Things (IoT). Recent Trends in Network Security and Applications Communications
in Computer and Information Science 2010; 89:420–429.

Fok CL, Julien C, Roman GC, Lu C. Challenges
of satisfying multiple stakeholders: quality of service in the Internet of
Things. Proceedings of the 2nd Workshop on Software Engineering for Sensor
Network Applications. 2011; 56–60.

Heer T, Garcia-Morchon O, Hummen R, Keoh SL,
Kumar SS, Wehrle K. Security challenges in the IP-based Internet of Things.
Wireless Personal Communications 2011; 61(3):527–542.

Friedman R, Krivolapov Y. On power and
throughput tradeoffs of WiFi and Bluetooth in smartphones. IEEE Transactions on
Mobile Computing 2013; 12(7):1363–1376.

 

Jara AJ, Ladid L, Skarmeta A. The Internet of
Everything through IPv6: an analysis of challenges, solutions and
opportunities. Journal of Wireless Mobile Networks, Ubiquitous Computing, and
Dependable Applications (JoWUA) 2013; 4(3):97–118.

Jin J, Gubbi J, Luo T, Palaniswami M. Network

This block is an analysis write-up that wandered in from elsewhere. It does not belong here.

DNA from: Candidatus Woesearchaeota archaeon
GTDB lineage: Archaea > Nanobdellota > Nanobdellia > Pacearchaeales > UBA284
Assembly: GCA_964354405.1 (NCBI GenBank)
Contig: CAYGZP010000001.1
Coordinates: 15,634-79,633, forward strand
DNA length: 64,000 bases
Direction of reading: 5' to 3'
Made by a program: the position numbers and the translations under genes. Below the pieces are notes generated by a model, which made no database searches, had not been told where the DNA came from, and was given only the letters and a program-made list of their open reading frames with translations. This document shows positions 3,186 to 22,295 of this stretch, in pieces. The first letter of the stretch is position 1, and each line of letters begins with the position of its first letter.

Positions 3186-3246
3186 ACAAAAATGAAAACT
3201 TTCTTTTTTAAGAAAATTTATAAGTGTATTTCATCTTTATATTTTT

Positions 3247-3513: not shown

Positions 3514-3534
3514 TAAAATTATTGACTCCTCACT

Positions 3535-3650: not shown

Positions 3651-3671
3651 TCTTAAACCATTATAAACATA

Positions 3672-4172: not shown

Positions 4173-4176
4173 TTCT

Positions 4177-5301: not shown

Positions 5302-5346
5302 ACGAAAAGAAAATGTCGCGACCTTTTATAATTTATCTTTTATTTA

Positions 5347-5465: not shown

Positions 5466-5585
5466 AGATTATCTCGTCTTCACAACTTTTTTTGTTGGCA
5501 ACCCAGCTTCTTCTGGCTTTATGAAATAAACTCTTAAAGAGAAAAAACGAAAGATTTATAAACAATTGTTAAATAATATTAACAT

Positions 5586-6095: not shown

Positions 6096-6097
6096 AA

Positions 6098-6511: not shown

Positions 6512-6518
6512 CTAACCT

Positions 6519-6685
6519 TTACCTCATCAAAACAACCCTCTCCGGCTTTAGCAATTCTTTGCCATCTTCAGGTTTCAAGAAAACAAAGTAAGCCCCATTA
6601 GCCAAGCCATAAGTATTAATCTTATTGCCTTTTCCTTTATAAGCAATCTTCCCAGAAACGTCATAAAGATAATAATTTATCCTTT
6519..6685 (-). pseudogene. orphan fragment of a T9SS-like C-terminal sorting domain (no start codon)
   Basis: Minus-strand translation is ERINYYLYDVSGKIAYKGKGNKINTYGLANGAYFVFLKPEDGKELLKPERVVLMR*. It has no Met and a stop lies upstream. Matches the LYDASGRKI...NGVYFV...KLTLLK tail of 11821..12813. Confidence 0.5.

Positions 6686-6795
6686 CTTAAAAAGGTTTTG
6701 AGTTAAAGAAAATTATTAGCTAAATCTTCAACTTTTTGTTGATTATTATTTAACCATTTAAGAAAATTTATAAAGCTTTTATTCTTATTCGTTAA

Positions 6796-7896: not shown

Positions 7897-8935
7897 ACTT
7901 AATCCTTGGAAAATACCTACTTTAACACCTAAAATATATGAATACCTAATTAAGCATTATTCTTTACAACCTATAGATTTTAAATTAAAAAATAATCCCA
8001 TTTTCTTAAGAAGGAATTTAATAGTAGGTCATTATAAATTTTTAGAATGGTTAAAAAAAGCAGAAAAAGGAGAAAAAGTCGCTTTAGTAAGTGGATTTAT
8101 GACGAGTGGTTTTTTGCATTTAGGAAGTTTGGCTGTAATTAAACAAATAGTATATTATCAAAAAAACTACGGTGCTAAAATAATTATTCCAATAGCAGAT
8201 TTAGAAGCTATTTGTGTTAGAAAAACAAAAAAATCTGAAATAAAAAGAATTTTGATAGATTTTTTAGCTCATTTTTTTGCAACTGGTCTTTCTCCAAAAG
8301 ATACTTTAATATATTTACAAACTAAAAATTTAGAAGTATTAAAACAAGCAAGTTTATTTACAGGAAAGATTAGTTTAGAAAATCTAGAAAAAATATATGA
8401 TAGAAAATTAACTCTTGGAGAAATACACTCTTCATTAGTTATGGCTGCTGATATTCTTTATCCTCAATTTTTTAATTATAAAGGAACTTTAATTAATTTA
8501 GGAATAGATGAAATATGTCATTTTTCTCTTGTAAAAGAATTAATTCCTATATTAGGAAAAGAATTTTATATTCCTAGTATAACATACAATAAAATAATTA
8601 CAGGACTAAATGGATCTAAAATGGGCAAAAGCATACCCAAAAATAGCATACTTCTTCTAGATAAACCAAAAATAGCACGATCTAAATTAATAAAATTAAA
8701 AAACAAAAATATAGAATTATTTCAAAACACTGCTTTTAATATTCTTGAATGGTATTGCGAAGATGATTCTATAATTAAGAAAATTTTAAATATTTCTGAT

architecture and QoS issues in the internet of things for a smart city.
Proceedings of the International Symposium on Communications and Information
Technologies (ISCIT).IEEE. 2012 Oct.; 956–961.

Lanzisera S, Weber AR, Liao A, Pajak D, Meier
AK. Communicating power supplies: bringing the internet to the ubiquitous
energy gateways of electronic devices. IEEE Internet of Things Journal 2014;
1(2):153–160.

Liang JM, Chen JJ, Cheng HH, Tseng YC. An
energy-efficient sleep scheduling with QoS consideration in 3GPP LTE-advanced
networks for Internet of Things. IEEE Emerging and Selected Topics in Circuits
and Systems 2013; 3(1):13–22.

Michael Bowne, Standards
and Protocols for the Industrial Internet of Things.url https://www.automationworld.com/article/topics/industrial-internet-things/standards-and-protocols-industrial-internet-things. PI
North America, on February 19, 2015

 

Meng, Z. Wu, Z. Gray, J.,A